The closest we get to Breaking Bad, though, is Hector Salamanca, who has a decisive showdown with Gus Fring. Hector, we already know, is not a nice piece of work; we see him swagger into Nacho’s family shop with an arrogant sneer, bribing his dad into agreeing to let Don Hector use it as a front for drug shipping. But Nacho is hoping to stop that ever happening with his pill-swapping prank – and it’s later, after Hector has said he doesn’t trust Nacho’s father, that the effects of that switch finally kick in. Confronted by Gus in a nighttime car park, who tells him that there’s no more arguing – all of Don Eladio’s merchandise will ship through Gus and his chicken shop vans – Hector gets so angry he has a heart attack, prompting Gus to give a knowing look at Nacho, who is careful to sweep away any incriminating fake pills. It’s a sign that Gus and Nacho are destined to become more closely involved, but with Hector whisked away to hospital, potentially losing the use of his limbs in the process, it’s a demonstration of just how near we are to Better Call Saul’s conclusion. It’s hard to see the show lasting longer than one more season, maybe two at most.
That becomes strikingly obvious in the wrapping up of Chuck’s storyline. Following up on his threat to sue Hamlin, Hamlin and McGill, Chuck and Howard have a heated conversation, one that puts Chuck’s arrogance and presumption on full display – as well as his petty vengefulness. Howard, though, takess the moral high ground, agreeing to buy out Chuck’s share in the company for $8 million. Using some of his own money to make the payment, Chuck is shocked to find his bluff called by his fomer mentee – and Howard correctly, cruelly and calmly steers him straight out of the building, delivering a quick speech and leading a company-wide ovation as he walks out of the lobby.
It’s enough to push Chuck back down the healthy ladder – but his pride won’t let him admit it. When McGill the younger knocks on his door and demands to see he’s OK, Chuck hits his brother back with the coldest line of dailogue in the show to date. “I don’t want to hurt your feelings, but the truth is you’ve never mattered all that much to me,” he says, bluntly, then closes the door.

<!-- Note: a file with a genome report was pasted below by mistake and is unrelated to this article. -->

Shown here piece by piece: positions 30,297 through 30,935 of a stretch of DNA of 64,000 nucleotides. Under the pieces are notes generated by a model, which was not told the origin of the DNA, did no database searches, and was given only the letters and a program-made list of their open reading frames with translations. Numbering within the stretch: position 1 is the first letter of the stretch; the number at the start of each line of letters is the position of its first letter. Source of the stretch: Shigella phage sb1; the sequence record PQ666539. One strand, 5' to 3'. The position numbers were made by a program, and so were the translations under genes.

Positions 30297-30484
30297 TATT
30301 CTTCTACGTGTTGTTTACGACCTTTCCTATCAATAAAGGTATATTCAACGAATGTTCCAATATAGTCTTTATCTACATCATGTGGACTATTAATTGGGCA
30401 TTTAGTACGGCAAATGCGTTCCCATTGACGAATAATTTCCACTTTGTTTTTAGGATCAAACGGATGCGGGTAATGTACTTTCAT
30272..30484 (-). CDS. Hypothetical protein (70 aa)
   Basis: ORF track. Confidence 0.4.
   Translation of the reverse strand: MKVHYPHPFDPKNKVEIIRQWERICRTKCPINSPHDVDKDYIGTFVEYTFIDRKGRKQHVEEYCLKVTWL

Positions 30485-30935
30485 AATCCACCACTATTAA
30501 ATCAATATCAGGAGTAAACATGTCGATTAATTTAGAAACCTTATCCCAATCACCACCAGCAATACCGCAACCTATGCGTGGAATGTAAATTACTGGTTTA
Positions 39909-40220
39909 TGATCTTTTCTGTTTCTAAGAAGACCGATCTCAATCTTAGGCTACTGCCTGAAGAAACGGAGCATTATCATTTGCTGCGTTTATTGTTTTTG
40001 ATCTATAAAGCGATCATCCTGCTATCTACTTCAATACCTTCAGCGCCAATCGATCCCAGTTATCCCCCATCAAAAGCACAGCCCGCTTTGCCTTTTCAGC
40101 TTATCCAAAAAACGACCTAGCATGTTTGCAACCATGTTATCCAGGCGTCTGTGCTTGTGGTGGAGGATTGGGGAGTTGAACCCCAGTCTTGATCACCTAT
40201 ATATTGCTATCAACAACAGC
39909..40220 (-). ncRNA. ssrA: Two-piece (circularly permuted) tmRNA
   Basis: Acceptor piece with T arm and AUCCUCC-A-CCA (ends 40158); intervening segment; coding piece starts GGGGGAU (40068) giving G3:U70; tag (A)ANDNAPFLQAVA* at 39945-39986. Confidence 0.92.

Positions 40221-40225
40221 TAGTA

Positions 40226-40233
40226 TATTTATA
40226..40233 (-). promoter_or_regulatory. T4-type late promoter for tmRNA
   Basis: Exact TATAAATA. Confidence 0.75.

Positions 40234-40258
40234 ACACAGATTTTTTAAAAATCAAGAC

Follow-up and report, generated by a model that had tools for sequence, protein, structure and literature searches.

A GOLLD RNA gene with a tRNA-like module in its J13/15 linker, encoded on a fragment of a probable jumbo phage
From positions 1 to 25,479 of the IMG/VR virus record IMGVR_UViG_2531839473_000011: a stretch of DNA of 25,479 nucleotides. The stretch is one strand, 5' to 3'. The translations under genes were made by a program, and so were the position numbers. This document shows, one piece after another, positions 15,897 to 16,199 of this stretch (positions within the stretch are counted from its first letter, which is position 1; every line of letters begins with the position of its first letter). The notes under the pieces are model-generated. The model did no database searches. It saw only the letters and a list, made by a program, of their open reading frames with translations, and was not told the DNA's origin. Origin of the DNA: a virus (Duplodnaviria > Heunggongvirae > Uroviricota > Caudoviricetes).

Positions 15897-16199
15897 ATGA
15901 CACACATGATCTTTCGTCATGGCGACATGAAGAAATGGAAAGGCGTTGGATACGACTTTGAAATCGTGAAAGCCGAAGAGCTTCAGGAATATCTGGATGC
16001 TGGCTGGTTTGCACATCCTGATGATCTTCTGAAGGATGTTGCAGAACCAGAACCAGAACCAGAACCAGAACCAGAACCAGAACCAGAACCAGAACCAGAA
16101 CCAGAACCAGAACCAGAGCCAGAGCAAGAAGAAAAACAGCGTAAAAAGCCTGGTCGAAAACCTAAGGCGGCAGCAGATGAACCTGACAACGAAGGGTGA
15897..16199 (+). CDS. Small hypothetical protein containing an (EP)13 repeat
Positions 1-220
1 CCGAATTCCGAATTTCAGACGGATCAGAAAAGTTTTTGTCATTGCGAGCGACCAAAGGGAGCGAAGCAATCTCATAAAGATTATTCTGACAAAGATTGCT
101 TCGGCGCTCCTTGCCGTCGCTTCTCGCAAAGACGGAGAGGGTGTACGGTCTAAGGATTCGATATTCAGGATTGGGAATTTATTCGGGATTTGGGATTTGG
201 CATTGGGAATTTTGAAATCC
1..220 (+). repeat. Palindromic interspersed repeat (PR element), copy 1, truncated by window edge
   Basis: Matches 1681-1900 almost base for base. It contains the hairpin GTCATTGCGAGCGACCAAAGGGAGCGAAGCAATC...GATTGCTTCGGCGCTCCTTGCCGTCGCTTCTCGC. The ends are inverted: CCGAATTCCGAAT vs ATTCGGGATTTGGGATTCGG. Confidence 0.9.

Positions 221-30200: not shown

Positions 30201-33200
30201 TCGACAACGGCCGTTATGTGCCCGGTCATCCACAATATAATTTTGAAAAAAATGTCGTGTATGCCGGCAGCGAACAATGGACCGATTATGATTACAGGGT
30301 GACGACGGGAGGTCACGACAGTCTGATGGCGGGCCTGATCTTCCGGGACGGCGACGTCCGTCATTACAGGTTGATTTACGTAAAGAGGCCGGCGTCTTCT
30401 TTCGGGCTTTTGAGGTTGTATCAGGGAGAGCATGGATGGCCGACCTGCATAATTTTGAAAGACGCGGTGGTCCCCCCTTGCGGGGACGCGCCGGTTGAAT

Mike McKean has been immense as Chuck all these years, bringing a dimension to Saul Goodman’s prequel story that was unexpected and could easily not have existed – you suspect McKean’s self-important performance played a key part in the show’s tranformation from a comedy to a tragedy. His attention to detail is more evident than ever here, as he delivers a consummately physical turn in an almost wordless sequence that sees Chuck spiral into panic and desperation, determined to eradicat any last shred of electricity from his house. Running for nearly 10 minutes, the montage of painstaking, methodical madness is mesmeresing stuff – a perfectly unhinged counterpoint to the quiet, logical montage of Mike carrying out his plans in the season’s opening episode. By the end, he’s left in a demolished room, kicking that lantern from the prologue slowly off his nearby desk – an act that, in itself, takes persistent, concentrated effort.
The final glimpse of his property catching light is the boldest cliffhanger the show has delivered yet – a parting shot that places us far from the romp that Better Call Saul once might have been. There are still some miles to go, but Season 3’s climax delivers a major turning point in a season full of major turning points; Saul hasn’t arrived yet, but Chuck has departed. Chuck’s presumed death is less moving in itself – he’s always been most engaging as a foil for Jimmy – but what it will do to Jimmy is a gut-punching thing to consider. This, after all, is a show all about consequences and pay-offs, not about twists or tricks. Chuck’s death is a shock, but the real shock is what it means for the future. Because there’s no way to reverse a decision or undo damage in Vince Gilligan and Peter Gould’s universe. If there is a light at the end of the tunnel, it’s only one that will burn the proverbial house down.
Better Call Saul Season 1 to 3 are available on Netflix UK, as part of a £7.49 monthly subscription.